Mann Construction’s trade creditors could be paid as little as a penny for every pound that they are owed, it has emerged.
A creditors report from administrators Vantis this week reveals the harsh reality facing the 573 companies owed money by the collapsed Enfield firm.
These creditors are owed £6.8 million between them, but are expected to see only a tiny fraction of their money as Mann is saddled with up to £17m of debt.
The administrators are still working through the firm’s assets in a bid to realise as much cash as possible for creditors, after deciding there was no possibility of finding a buyer.
In the best possible scenario painted by Vantis, the unsecured creditors will share a £426,000 pot of cash between them, roughly 6 pence for every pound owed.
But in the worst case, the creditors are looking at a pot of just £77,000 – or little more than 1p each for every pound owed.
Mann’s largest creditor is its bank, Lloyds TSB, which as a secured creditor can expect to receive between £1.1m and £2.5m of the £3m it is owed.
HMRC is also owed £2.5m but the taxpayer is unlikely to see that bill repaid.
The creditors report sheds more light on how the recession destroyed the civil engineering, groundwork and reinforced concrete firm, leading to 83 redundancies.
In the year to 31 August 2008, Mann had a turnover of £105m, yet the directors’ forecast turnover for the year after was just £45m.
Adminstrator Nick O’Reilly said: “The directors informed us they were unable to restructure overheads quickly enough to compensate for the decline in turnover, and consequently this led to pressure on cash flow and trading losses.”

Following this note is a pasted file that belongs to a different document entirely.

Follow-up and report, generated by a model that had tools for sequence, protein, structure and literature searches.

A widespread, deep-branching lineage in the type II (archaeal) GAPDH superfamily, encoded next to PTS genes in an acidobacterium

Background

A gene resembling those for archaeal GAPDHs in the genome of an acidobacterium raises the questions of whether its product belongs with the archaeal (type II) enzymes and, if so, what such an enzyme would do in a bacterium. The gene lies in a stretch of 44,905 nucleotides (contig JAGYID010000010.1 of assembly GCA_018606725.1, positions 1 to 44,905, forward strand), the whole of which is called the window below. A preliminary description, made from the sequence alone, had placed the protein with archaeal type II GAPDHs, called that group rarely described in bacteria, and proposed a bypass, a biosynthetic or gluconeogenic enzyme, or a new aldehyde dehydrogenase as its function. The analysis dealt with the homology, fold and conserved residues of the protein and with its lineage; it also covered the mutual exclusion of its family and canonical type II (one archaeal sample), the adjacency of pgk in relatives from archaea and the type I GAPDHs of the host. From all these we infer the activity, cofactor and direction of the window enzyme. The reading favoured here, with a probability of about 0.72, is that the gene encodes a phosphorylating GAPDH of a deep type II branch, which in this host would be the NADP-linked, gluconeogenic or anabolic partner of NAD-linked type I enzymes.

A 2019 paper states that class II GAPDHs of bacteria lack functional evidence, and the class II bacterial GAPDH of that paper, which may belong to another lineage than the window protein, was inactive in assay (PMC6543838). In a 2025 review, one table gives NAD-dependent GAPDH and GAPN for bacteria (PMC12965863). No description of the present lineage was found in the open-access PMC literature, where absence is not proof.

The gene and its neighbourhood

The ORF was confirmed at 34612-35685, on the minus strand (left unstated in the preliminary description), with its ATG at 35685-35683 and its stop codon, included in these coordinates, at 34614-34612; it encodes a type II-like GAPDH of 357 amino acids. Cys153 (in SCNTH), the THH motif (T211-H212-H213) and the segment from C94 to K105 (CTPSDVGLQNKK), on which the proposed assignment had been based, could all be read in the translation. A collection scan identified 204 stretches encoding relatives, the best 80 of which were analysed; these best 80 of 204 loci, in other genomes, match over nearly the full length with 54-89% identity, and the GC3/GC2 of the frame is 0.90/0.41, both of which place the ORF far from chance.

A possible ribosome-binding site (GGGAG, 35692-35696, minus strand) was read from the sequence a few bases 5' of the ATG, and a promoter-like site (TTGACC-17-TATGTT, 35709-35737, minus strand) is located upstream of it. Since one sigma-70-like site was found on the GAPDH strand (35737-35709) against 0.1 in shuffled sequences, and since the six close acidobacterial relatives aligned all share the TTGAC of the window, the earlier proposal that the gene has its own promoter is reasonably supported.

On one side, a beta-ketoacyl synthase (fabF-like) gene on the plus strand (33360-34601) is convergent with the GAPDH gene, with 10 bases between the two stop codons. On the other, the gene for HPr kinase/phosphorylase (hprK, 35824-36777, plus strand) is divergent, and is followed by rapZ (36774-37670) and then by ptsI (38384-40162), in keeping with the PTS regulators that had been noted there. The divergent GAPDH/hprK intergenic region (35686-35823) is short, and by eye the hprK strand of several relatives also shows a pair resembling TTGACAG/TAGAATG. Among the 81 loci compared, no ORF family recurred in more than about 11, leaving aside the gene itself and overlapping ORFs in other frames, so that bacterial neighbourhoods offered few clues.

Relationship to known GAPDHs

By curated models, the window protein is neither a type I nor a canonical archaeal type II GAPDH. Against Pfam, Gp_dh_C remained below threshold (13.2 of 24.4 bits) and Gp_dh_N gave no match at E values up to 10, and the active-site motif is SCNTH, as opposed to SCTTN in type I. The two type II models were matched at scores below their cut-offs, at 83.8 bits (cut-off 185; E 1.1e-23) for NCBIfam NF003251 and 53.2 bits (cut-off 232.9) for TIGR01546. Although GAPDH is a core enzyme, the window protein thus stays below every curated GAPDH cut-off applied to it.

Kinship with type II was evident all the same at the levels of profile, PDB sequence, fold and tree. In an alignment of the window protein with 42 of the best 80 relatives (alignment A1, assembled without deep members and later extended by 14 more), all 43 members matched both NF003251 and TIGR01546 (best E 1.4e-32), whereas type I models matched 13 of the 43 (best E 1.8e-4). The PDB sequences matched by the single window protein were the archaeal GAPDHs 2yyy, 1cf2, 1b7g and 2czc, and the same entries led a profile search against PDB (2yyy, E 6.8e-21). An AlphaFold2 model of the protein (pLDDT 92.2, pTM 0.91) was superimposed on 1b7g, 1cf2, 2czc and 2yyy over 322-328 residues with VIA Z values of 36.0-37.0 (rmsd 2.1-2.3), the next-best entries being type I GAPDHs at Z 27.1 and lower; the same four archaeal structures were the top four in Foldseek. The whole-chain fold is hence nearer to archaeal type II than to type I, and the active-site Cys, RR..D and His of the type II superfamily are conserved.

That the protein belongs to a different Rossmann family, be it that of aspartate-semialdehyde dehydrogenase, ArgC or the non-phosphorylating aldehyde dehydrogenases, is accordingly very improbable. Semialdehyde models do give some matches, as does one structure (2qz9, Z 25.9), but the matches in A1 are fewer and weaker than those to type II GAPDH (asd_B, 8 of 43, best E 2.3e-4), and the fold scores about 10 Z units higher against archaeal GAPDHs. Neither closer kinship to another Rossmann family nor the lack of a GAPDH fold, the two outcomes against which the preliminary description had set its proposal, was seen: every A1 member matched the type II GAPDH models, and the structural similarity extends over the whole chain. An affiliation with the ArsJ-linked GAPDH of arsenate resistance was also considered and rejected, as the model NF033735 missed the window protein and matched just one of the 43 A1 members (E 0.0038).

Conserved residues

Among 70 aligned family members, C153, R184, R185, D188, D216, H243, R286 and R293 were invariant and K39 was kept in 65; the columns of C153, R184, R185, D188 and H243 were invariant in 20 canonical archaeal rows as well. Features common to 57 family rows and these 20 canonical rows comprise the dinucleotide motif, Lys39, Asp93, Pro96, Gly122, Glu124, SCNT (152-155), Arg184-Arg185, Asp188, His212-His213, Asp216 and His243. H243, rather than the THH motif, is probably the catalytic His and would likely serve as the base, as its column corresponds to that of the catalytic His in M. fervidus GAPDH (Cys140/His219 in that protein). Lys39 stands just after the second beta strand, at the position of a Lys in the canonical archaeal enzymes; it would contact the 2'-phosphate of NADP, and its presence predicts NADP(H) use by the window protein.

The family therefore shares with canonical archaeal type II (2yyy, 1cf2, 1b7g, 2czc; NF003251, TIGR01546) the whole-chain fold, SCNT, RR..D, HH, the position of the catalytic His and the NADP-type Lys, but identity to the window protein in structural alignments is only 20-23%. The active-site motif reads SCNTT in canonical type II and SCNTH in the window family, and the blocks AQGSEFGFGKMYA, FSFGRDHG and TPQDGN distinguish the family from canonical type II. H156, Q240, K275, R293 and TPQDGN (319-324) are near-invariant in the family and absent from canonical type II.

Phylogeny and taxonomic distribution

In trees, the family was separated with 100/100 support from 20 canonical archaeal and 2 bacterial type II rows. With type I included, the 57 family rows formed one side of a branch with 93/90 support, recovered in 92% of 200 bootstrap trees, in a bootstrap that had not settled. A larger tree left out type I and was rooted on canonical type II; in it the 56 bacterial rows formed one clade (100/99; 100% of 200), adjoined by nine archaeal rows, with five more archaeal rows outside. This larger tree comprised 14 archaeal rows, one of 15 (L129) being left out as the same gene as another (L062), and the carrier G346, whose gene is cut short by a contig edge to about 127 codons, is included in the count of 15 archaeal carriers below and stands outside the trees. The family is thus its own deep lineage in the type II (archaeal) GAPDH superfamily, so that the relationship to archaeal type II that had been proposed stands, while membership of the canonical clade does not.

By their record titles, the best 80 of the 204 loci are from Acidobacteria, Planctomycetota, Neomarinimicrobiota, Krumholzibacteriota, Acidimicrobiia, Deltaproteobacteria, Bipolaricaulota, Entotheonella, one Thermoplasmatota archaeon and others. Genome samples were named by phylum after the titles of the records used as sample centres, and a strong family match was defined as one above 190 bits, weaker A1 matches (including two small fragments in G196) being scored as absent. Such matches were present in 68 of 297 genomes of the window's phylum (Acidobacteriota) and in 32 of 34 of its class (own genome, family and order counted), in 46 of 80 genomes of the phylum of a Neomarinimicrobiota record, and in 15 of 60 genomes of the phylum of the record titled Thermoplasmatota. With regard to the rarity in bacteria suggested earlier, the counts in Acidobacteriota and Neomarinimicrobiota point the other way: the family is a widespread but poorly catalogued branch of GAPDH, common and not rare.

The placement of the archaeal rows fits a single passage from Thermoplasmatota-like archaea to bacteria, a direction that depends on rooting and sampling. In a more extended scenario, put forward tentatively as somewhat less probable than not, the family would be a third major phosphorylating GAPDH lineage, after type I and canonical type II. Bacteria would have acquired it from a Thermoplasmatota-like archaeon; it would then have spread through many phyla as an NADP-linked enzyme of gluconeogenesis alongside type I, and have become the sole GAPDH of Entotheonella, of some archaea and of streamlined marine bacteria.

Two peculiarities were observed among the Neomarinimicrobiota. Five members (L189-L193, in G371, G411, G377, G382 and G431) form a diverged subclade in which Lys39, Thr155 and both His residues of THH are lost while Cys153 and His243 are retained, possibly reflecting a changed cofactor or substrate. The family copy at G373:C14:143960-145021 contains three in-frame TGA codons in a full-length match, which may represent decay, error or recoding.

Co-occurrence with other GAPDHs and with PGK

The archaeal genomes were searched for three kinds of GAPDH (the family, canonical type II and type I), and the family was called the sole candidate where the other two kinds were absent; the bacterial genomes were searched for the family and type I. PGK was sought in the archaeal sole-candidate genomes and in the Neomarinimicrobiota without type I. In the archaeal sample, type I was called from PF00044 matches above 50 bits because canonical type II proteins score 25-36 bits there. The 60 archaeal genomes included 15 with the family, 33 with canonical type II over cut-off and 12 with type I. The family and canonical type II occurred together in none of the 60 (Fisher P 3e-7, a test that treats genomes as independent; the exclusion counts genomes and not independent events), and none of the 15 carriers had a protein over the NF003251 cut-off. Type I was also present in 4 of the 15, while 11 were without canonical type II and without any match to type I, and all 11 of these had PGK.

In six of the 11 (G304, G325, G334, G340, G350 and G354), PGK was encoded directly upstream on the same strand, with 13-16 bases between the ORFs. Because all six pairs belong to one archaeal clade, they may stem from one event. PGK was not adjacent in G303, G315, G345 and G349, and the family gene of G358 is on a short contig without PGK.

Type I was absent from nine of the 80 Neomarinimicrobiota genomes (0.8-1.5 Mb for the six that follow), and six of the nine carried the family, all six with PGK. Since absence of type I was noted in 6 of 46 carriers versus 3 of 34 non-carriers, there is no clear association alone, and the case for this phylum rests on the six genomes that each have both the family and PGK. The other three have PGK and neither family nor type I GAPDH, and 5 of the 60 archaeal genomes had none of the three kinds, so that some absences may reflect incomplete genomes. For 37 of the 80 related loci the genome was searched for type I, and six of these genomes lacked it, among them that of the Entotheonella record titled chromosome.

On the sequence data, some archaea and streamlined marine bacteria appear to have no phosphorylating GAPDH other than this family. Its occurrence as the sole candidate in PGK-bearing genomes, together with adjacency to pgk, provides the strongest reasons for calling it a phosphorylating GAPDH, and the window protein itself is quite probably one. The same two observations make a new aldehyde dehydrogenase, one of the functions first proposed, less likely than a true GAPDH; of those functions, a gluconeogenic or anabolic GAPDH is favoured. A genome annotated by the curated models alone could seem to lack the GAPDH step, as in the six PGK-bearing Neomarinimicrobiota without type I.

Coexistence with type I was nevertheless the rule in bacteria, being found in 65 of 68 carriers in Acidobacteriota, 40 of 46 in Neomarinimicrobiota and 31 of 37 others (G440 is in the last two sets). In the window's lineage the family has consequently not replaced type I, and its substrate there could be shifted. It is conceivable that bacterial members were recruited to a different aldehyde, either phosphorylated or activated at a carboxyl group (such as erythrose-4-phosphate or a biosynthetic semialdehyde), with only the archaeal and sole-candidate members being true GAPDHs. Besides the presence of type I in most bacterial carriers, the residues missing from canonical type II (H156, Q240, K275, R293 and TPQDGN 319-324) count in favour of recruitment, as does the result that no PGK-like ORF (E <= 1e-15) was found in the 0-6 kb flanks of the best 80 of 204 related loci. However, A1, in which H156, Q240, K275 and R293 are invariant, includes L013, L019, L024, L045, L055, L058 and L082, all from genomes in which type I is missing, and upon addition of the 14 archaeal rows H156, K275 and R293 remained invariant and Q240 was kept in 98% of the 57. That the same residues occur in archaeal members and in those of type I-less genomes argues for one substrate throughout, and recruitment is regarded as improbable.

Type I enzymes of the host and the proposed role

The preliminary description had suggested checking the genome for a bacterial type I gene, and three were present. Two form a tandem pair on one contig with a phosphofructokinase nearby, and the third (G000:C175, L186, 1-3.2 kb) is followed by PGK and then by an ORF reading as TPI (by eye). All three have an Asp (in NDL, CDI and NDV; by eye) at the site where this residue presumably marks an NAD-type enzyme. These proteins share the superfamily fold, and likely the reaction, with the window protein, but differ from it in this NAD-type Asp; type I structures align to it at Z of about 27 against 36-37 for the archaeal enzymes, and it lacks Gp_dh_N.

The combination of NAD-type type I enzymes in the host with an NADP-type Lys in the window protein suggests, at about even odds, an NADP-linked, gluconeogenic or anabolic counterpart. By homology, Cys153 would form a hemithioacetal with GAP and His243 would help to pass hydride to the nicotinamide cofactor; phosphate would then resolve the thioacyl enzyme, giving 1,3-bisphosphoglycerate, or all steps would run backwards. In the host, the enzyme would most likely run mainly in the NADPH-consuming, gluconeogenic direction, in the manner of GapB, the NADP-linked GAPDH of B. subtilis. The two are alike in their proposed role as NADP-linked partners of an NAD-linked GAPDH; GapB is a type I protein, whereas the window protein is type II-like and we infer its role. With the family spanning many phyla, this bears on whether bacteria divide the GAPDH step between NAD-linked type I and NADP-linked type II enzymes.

At the time of the firm’s collapse, Mann had 38 existing contracts. Where possible, these have been put back out to tender.
One of the firm’s biggest contracts was to provide drainage, foundation and road surface work on a £130m commercial development in Newbury, Berkshire, won by Mann in November.
Another major Mann job was a foundation, drainage and groundwork contract on the £52m redevelopment of Colchester Institute, awarded in February.
The firm also won a £40m concrete frame contract in November on a residential and commercial contract in London called The Bottle Store.
Mann was formed in 1996. In April it decided to apply for voluntary administration.
Director at construction credit reference agency Top Service, Lisa Cardus said: “It is not really a surprise to us that the firm went into administration as we have been tracking late payments at Mann Construction for the past two years.”
|Mann’s 10 biggest unsecured creditors||Amount Owed £000s|
|Keylines Builders Merchants||600.5|
|Wages Control Ltd||600.1|
|Raymond Brown Minerals and Recycling||168.1|